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Deductive Systems
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-- a deductive system has 2 parts:
1. definition of judgment form or collection of judgment forms
* judgment = assertion, fact that may or may not be true
* a valid or true judgment
2. collection of rules
* axioms
* inference rules
J1 ... Jn
--------- name
J
-- rules include some number of premises above the line and a conclusion
below the line. We often put a name beside the rule to allow us to refer
to it easily.
-- rules often contain "metavariables" -- stand for classes of objects
and may be instantiated by any object in the class.
-- a judgment is valid if:
1. it is the conclusion of an axiom
2. it is the conclusion of a rule where all premises are valid judgements
-- a derivation is a proof a judgement is valid. Hence a derivation is
1. either an axiom, or
2. a rule plus derivations for all of the premises of the rule.
-- examples:
1. |- N nat "N is a natural number"
|- N : nat
----------- Z --------------- S
|- Z : nat |- S N : nat
Note: N is a "meta-variable". There are many instances of rule S.
A derivation proving that S (S (S Z)) is a natural number:
--------- Z
|- Z nat
------------------ S
|- S Z nat
------------------ S
|- S (S Z) nat
------------------ S
|- S (S (S Z)) nat
2. |- add N1 N2 = N3 "N1 plus N2 equals N3"
|- add N1 N2 = N3
------------------- addZ --------------------------- addS
|- add Z N = N |- add (S N1) N2 = S N3
3. |- even N "N is an even number"
|- odd N "N is an odd number"
---------- evenZ
|- even Z
|- odd N |- even N
------------- evenS ------------- oddS
|- even (S N) |- odd (S N)
Alternative definition:
---------- even2Z
|- even2 Z
|- even2 N
----------------- even2S
|- even2 (S (S N))
---------- odd2Z
|- odd2 (S Z)
|- odd2 N
----------------- odd2S
|- odd2 (S (S N))
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Rule Induction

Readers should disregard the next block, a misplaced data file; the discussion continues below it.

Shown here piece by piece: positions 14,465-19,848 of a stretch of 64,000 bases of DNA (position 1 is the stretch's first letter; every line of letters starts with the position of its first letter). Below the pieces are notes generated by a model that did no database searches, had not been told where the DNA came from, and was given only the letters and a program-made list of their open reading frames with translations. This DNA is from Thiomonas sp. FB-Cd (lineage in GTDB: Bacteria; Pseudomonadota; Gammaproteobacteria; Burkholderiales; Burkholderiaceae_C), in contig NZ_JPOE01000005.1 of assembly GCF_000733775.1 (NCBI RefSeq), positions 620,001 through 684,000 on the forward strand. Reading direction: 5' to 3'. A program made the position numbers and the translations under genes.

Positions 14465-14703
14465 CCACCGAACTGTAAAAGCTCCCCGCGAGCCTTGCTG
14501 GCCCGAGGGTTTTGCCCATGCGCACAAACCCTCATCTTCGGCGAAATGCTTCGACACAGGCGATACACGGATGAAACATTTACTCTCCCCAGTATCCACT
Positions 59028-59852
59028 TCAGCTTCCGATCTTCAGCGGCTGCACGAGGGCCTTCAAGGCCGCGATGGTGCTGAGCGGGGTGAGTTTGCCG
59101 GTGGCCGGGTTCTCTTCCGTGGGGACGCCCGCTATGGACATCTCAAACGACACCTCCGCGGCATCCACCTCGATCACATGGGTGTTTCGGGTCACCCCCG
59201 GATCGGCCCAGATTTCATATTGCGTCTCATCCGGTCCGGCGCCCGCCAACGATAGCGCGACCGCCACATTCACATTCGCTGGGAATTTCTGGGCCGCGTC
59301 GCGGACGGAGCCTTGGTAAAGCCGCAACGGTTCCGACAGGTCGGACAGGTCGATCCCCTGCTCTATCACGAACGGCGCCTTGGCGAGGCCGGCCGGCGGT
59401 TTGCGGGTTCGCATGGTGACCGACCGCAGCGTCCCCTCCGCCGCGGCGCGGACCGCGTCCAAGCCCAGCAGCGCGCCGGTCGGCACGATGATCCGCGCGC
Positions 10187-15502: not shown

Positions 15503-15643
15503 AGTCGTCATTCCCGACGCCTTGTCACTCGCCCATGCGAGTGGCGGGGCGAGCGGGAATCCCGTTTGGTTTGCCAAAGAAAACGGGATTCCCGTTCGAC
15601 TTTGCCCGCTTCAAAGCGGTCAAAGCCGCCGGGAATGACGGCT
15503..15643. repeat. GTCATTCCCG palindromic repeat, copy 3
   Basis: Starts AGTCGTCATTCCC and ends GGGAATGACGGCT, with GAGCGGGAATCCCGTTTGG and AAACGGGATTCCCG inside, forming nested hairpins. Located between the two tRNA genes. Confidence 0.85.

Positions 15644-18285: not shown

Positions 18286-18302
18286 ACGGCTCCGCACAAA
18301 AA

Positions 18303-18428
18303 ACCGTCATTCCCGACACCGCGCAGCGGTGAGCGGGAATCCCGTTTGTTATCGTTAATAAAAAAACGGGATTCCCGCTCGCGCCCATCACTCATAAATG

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-- the given inference rules are an *exhaustive* source of information
about the valid judgments.
-- no judgment is valid unless you can derive a proof for it using
some finite number of the given inference rules
-- this leads to a proof principal (Rule Induction):
* to show every derivable judgment has some property P, show for every
rule in the deductive system:
J1 ... Jn
--------- name
J
if J1 ... Jn have property P then J has property P
-- examples:
1. Given a property P, we know that P is true for all natural numbers,
if we can prove:
* P holds unconditionally for Z. Corresponds to rule:
----------- Z
|- Z : nat
* Assuming P holds for N then P holds for (S N). Corresponds to rule:
|- N : nat
------------- S
|- S N : nat
-- also called "induction on the structure of natural numbers" or more generally
"structural induction" when the objects are numbers, but other things like trees
or programming language expressions.
Theorem: For all natural numbers N, one of the following judgements
is derivable |- even N or |- odd N.
Proof:
By induction on the derivation of |- N nat.
(Or "by induction on the structure of naturals N")
Case:
--------
|- Z nat
|- even Z (by rule evenZ)
case:
|- N nat
-------------
|- S N nat
(1) |- even N or (2) |- odd N (by IH)
Assuming (1):
|- odd S N (by (1) and oddS)
Assuming (2):
|- even S N (by (2) and evenS)
QED
Theorem: For all N1, N2, there exists N3 such that |- add N1 N2 = N3.
ie: add is a total relation.
Proof:
By induction on the structure of N1.
case:
--------
|- Z nat
|- add Z N2 = N2 (by addZ)
case:
|- N nat
------------- succ
|- S N nat
|- add N N2 = N3' (by IH)
|- add (S N) N2 = S N3' (by addS)
QED
Theorem: If |- even2 N then |- even N.
Proof:
By induction on the derivation |- even2 N.
case:
---------- even2Z
|- even2 Z
|- even Z (by evenZ)
case:
|- even2 N
----------------- even2S
|- even2 (S (S N))
|- even N (by IH)
|- odd (S N) (by oddS)
|- even (S (S N)) (by evenS)
QED